• The product name, EPA registration number, and active ingredient(s);All first aid and medical information from the label;
    • A description of how the pesticide was used; and
    • Information about the victim’s exposure.
    Personal Protective Equipment (PPE)
    Employers must provide handlers with the PPE as listed on the pesticide label. The employer must:
    • Maintain PPE in a clean and operational condition;
    • Make sure it fits correctly;
    • Make sure handler wears and uses the PPE correctly;
    • Provide a clean place to put on and remove PPE, and store personal clothing;Not allow worker to wear or take-home PPE;
    • Take action to prevent heat-related illness while PPE is worn.
    Cleaning and Maintaining PPE
    Employers must make sure:
    • PPE is cleaned according to manufacturer’s instructions, inspected, and repaired before each use;
    • PPE that is non-reusable or cannot be cleaned, must be disposed of properly;
    • Clothing drenched with pesticide labeled DANGER or WARNING are discarded;
    • PPE must be washed and dried properly, and stored separately from personal clothing;
    • Respirator filters, cartridges and canisters are replaced as often as required. The handler employer must make sure anyone cleaning PPE is informed of possible pesticide residues on PPE, of the potentially harmful effects of pesticides, and of the correct ways to handle and clean PPE.
    Equipment Safety
    Handler employers must make sure that equipment used for mixing, loading, transferring, or applying pesticides is inspected and repaired or replaced as needed. Only appropriately trained and equipped handlers may repair, clean, or adjust pesticide handling equipment that contains pesticides or pesticide residues.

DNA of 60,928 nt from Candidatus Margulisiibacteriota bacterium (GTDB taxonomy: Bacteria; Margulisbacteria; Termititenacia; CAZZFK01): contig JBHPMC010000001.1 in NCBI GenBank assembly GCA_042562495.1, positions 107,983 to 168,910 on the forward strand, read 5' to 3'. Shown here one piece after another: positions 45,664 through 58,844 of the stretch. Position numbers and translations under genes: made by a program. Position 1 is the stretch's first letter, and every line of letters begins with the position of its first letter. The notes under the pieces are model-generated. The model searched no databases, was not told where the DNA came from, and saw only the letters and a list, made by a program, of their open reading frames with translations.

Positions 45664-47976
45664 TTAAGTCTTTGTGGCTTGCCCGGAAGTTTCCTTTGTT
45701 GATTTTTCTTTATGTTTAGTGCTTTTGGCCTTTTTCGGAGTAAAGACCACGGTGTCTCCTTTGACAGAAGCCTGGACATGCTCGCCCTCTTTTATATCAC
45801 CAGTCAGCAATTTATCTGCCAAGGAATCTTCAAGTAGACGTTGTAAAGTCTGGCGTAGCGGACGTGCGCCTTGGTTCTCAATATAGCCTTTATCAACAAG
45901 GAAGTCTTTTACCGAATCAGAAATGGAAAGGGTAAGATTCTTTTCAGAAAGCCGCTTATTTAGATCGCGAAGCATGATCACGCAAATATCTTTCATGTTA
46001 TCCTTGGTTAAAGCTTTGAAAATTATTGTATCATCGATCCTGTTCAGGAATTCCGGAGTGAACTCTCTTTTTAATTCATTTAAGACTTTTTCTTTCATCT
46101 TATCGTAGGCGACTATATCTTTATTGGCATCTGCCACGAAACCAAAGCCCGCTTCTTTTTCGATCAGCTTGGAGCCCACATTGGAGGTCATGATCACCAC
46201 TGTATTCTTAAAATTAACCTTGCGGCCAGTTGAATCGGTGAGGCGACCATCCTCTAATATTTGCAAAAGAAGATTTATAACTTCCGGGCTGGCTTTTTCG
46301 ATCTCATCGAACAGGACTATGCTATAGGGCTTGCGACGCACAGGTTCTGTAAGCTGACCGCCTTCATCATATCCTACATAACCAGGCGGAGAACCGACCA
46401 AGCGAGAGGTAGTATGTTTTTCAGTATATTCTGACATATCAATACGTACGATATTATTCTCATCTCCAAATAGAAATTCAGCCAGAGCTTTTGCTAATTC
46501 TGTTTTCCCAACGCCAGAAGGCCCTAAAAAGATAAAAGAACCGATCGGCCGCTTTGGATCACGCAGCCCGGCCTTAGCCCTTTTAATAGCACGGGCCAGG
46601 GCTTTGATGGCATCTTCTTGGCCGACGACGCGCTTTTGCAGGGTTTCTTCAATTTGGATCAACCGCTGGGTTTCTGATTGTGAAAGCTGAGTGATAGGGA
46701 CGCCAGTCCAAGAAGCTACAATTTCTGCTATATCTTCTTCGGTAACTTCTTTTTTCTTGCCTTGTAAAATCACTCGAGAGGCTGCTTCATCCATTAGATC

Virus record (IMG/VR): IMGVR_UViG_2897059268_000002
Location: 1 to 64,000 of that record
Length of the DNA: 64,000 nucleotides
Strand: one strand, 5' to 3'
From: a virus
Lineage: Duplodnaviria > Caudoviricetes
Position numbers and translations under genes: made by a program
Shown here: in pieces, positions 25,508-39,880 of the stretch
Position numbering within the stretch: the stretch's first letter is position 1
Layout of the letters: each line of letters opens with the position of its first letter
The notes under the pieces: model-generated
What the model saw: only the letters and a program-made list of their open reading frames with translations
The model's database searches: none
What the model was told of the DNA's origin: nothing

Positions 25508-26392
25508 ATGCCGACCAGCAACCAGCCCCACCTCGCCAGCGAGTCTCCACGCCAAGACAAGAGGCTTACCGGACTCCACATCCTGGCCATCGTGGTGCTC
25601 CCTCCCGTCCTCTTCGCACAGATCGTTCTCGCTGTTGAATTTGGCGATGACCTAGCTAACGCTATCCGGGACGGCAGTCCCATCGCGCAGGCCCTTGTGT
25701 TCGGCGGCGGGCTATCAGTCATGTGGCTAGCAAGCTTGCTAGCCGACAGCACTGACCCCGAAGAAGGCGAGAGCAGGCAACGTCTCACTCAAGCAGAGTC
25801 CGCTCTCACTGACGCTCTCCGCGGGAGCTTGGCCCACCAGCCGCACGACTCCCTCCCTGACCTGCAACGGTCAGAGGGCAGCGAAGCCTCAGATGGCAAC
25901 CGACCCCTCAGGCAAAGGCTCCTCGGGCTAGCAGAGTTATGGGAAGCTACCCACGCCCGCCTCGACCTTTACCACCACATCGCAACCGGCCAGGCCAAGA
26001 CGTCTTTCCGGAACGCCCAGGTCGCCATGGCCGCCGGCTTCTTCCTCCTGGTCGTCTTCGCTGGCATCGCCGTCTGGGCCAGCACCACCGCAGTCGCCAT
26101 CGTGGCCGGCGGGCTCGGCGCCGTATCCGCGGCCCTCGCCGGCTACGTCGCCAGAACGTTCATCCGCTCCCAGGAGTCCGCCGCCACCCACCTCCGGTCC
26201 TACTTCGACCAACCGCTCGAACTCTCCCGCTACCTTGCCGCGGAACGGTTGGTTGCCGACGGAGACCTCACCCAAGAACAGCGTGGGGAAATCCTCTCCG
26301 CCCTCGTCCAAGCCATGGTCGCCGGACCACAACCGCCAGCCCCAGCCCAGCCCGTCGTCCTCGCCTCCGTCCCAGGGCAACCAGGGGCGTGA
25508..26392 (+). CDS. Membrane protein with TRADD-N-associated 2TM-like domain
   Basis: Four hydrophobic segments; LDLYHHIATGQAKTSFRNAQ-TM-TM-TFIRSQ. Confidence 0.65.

Environmental Protection
    The City of Denton operates under the Pesticides General Permit (PGP, TXG870000) administered by the TCEQ. The purpose of this permit is to regulate the discharge of pesticides to the waters of the United States. Within the City, reporting for PGP compliance is coordinated through the Watershed Protection Division. Any potential adverse incidents involving pesticides should be immediately reported to Watershed Protection and/or PARD. Pesticide use within the City is also tracked to maintain compliance with the PGP.
    Integrated
  • IPM | Criteria for Choosing a Pest Management Method
    When choosing a pest management method or pesticide material from the approved lists located in Appendix 1-4, all personnel should consider the following factors and any additional factors relevant to the selection.

    Nature of the site
    • Erosion susceptibility and potential movement of soil through runoff;
    • The intended use and function of the landscape;
    • The feasibility of the method given the area and scope of the problem;
    • The relative importance and public expectation of a site or plantings; andSite conditions such as soil type, grade, drainage patterns, and presence of surface wate;